[im-pey-shuh ns]


lack of patience.
eager desire for relief or change; restlessness.
intolerance of anything that thwarts, delays, or hinders.

Origin of impatience

1175–1225; Middle English impacience < Latin impatientia. See im-2, patience Unabridged Based on the Random House Unabridged Dictionary, © Random House, Inc. 2019

Examples from the Web for impatience

Contemporary Examples of impatience

Historical Examples of impatience

  • At length, carried away by impatience, I reprimanded him publicly.

    Brave and Bold

    Horatio Alger

  • I am all impatience to hear how this astonishing change was effected.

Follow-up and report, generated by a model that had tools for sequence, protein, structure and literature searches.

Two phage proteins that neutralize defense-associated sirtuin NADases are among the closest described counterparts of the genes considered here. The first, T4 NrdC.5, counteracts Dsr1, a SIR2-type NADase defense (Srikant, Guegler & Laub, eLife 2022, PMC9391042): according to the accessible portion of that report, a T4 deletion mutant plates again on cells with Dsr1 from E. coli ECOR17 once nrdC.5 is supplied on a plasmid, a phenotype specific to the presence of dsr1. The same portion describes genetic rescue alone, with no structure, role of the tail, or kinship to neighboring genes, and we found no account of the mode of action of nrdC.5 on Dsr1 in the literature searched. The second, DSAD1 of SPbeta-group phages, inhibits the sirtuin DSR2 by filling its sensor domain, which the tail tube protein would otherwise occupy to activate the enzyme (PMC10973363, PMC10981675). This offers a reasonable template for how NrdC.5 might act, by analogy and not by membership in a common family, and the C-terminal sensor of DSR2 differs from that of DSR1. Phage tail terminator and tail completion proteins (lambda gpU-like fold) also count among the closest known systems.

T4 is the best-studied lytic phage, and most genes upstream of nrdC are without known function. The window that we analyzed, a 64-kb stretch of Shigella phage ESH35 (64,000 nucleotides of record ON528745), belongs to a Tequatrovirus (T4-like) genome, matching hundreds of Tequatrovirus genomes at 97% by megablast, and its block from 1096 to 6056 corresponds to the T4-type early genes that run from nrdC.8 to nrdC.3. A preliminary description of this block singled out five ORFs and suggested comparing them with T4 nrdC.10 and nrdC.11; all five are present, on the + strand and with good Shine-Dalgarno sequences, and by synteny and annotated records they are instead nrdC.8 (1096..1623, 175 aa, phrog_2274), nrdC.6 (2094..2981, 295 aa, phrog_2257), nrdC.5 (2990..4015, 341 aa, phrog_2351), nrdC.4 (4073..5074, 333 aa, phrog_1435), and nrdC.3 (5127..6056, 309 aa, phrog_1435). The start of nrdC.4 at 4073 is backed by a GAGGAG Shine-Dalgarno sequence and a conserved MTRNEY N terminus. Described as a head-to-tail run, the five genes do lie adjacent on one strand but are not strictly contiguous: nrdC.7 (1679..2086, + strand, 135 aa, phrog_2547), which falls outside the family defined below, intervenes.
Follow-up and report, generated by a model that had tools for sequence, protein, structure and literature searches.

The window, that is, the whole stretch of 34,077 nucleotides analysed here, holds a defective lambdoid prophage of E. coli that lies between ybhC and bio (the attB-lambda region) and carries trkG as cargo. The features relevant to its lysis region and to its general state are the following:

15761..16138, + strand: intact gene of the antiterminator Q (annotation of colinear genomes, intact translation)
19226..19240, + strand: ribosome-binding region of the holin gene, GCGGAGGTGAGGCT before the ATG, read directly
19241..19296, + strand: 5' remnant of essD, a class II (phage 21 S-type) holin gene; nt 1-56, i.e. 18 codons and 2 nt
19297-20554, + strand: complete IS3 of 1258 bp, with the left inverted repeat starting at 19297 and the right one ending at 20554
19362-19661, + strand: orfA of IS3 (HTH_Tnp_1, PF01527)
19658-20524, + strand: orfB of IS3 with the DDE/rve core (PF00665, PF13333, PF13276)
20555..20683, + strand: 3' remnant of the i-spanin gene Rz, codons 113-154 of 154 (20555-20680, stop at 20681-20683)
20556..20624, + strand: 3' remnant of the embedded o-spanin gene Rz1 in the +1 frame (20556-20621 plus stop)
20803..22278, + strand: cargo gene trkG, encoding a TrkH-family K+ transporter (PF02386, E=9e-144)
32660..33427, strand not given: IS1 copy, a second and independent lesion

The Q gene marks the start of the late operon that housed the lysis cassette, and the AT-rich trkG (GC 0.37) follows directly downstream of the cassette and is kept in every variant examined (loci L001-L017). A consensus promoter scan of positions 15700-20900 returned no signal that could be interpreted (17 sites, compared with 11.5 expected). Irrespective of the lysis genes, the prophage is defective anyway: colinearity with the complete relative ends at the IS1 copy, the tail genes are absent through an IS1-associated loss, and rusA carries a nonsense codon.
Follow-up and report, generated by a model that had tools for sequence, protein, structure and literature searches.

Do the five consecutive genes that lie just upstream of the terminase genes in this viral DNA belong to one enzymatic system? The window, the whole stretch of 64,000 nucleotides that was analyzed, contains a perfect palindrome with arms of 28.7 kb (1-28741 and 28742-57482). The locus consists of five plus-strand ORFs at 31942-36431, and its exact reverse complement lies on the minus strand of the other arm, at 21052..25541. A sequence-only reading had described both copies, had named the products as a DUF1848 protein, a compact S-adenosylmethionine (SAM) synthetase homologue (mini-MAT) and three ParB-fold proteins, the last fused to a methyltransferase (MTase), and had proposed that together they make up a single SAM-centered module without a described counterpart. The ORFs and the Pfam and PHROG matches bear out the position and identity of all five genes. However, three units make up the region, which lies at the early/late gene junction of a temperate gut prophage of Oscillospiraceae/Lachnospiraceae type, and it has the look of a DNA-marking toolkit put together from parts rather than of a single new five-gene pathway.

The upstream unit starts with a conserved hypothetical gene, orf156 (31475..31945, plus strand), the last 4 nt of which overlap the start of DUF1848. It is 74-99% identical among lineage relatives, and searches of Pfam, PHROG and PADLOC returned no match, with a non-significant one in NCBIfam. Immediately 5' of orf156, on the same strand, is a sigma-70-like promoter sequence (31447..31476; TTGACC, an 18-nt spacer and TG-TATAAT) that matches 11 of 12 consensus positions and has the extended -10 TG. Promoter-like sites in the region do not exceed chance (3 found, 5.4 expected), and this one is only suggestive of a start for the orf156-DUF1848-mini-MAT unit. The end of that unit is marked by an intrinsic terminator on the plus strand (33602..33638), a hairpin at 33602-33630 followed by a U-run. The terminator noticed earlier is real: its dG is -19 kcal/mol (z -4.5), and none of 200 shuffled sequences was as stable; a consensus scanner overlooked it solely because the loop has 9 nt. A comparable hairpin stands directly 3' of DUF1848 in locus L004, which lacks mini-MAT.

Lady Susan

    Jane Austen

  • The story was not yet finished; but George's impatience caused him to interrupt it.

    Biographical Stories

    Nathaniel Hawthorne

  • Again the Judge put the question, this time with some impatience.

    The Underdog

    F. Hopkinson Smith

  • It was a hot day—she walked fast from the hurry and impatience of her mind.

British Dictionary definitions for impatience



lack of patience; intolerance of or irritability with anything that impedes or delays
restless desire for change and excitement
Collins English Dictionary - Complete & Unabridged 2012 Digital Edition © William Collins Sons & Co. Ltd. 1979, 1986 © HarperCollins Publishers 1998, 2000, 2003, 2005, 2006, 2007, 2009, 2012

Word Origin and History for impatience

c.1200, from Old French impacience (Modern French impatience) and directly from Latin impatientia, from impatiens (see impatient).

Online Etymology Dictionary, © 2010 Douglas Harper